Be wise. Be brave. Be tricky. (slithytove) wrote,
Be wise. Be brave. Be tricky.

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I see that One Piece has been picked up by Funimation. Also Tenchi GXP, but I have little interest in Tenchi.

I finally watched the Inu-Yasha dub, and liked it enough to watch more of it. Kagome's VA, Monica Stori, I think, had some rough patches at the beginning, but seemed to firm up by the end. Still, I'll bet verthandi would do better. Like others on raam, I think ole' dog ears himself seemed too high pitched, too young, and not harsh enough. He gets nicer later in the series, but at this point, he's still pretty evil, and ought to sound that way. Kaede addresses Kagome as 'ye' all the time. For god's sake people, no English-speaker ever said 'ye'! 'Y' was used to represent the runic letter 'thorn', Þ, which early typesetters didn't have. It was pronounced 'th'. So 'ye' is actually pronounced 'thee', the objective case of 'thou'. So stop it with 'Ye Olde English Coffee Shoppe' already! and yes, I know, I used 'ye' once in one of my stories. I had a fugue state or something. I suck.

I've been thinking. People who watch fansubs but try to be ethical about it make a commitment to purchase the anime once it becomes available in their country. But what if it is shown on TV? It's being offered free to the consumer, who may legally tape it for his own use, if he wishes. Is it now ethical to own the fansub, without purchasing the show on tape or DVD, because the show's rights owners already broadcast it for free?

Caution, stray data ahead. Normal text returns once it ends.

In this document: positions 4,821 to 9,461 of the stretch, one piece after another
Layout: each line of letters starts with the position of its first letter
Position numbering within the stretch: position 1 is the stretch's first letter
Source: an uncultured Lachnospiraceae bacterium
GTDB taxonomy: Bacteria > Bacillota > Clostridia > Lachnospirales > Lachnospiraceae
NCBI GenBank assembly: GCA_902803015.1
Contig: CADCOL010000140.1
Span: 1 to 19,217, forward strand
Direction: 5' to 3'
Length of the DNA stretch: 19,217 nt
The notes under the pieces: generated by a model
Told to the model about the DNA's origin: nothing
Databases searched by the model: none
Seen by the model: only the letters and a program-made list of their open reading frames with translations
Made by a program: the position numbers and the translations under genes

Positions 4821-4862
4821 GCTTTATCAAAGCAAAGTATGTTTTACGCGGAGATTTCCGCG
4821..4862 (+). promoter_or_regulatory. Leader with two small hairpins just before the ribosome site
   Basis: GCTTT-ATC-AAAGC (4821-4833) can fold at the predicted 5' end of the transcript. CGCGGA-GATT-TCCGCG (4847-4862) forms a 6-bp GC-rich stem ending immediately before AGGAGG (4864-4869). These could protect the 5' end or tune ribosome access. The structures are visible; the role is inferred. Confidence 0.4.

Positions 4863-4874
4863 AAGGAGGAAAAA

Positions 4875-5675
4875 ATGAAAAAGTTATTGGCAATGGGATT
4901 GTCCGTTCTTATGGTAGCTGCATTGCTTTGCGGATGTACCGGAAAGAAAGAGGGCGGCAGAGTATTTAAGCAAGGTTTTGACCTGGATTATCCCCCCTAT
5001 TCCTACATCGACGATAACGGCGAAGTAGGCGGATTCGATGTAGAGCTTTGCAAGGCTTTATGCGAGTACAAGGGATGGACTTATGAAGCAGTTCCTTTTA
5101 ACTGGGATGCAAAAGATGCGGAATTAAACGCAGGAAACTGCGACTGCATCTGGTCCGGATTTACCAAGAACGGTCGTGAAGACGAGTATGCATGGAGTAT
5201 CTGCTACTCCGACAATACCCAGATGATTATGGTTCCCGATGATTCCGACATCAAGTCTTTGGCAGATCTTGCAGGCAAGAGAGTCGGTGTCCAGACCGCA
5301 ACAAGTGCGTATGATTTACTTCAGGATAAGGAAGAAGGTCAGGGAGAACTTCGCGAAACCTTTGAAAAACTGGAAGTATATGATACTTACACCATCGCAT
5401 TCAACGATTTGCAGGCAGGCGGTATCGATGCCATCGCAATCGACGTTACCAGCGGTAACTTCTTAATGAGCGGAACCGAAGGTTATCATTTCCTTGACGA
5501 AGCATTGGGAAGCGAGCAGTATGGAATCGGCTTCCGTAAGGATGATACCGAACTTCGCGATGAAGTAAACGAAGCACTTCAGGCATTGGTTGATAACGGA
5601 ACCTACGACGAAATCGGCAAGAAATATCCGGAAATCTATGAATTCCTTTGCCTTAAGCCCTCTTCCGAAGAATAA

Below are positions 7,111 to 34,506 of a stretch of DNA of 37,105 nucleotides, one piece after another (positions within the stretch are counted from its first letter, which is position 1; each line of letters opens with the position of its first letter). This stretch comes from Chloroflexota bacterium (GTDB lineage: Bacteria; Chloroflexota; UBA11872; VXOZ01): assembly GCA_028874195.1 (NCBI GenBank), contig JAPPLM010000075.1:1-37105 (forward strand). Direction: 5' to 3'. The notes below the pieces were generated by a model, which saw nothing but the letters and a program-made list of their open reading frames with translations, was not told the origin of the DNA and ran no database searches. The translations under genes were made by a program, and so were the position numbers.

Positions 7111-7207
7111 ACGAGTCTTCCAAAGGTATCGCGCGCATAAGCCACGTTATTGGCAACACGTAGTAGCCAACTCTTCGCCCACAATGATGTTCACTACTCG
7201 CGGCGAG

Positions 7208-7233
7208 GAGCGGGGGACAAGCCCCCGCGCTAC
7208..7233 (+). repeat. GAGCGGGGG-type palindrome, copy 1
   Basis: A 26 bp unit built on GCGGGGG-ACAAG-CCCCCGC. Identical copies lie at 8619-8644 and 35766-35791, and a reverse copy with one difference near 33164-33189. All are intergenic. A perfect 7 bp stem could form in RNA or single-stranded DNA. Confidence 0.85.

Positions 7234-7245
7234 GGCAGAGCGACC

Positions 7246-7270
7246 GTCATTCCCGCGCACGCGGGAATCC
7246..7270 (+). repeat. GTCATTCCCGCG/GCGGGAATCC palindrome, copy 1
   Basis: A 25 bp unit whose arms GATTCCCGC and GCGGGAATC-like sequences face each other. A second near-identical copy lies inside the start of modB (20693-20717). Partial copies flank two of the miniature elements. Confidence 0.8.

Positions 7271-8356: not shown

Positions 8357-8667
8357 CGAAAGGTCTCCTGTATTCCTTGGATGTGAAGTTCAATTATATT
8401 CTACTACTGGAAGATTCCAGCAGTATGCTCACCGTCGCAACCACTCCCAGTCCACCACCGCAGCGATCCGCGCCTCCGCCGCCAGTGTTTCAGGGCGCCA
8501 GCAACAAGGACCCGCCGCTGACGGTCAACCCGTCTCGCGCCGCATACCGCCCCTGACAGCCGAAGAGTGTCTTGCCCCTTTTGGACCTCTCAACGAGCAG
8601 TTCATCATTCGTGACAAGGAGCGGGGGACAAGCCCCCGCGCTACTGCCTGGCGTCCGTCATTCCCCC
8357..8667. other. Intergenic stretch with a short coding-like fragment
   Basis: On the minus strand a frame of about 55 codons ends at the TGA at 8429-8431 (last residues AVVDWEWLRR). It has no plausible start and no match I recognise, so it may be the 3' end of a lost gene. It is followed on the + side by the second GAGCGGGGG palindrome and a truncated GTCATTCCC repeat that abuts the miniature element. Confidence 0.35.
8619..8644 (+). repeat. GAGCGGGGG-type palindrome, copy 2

In particular, this comes up with Inu-Yasha. Now that I've watched it on TV, may I (ethically) download the fansub without making a commitment to buy the DVD?

This is all over the net, but just in case you haven't seen it yet: the Harry Potter Nimbus 2000 Broom at It, um, vibrates. Ahem. Be sure to read the customer reviews.

kare, kano, are, a(no)
meaning: he, that, distant goal
彼女 == kanojo == she, girlfriend
彼氏 == kareshi == he, boyfriend
Left radical is 'movement along a road', right radical is 'skin' (皮), acting phonetically to express 'distance'. Henshall suggests as a mnemonic: 'He has moving skin, does that person!'
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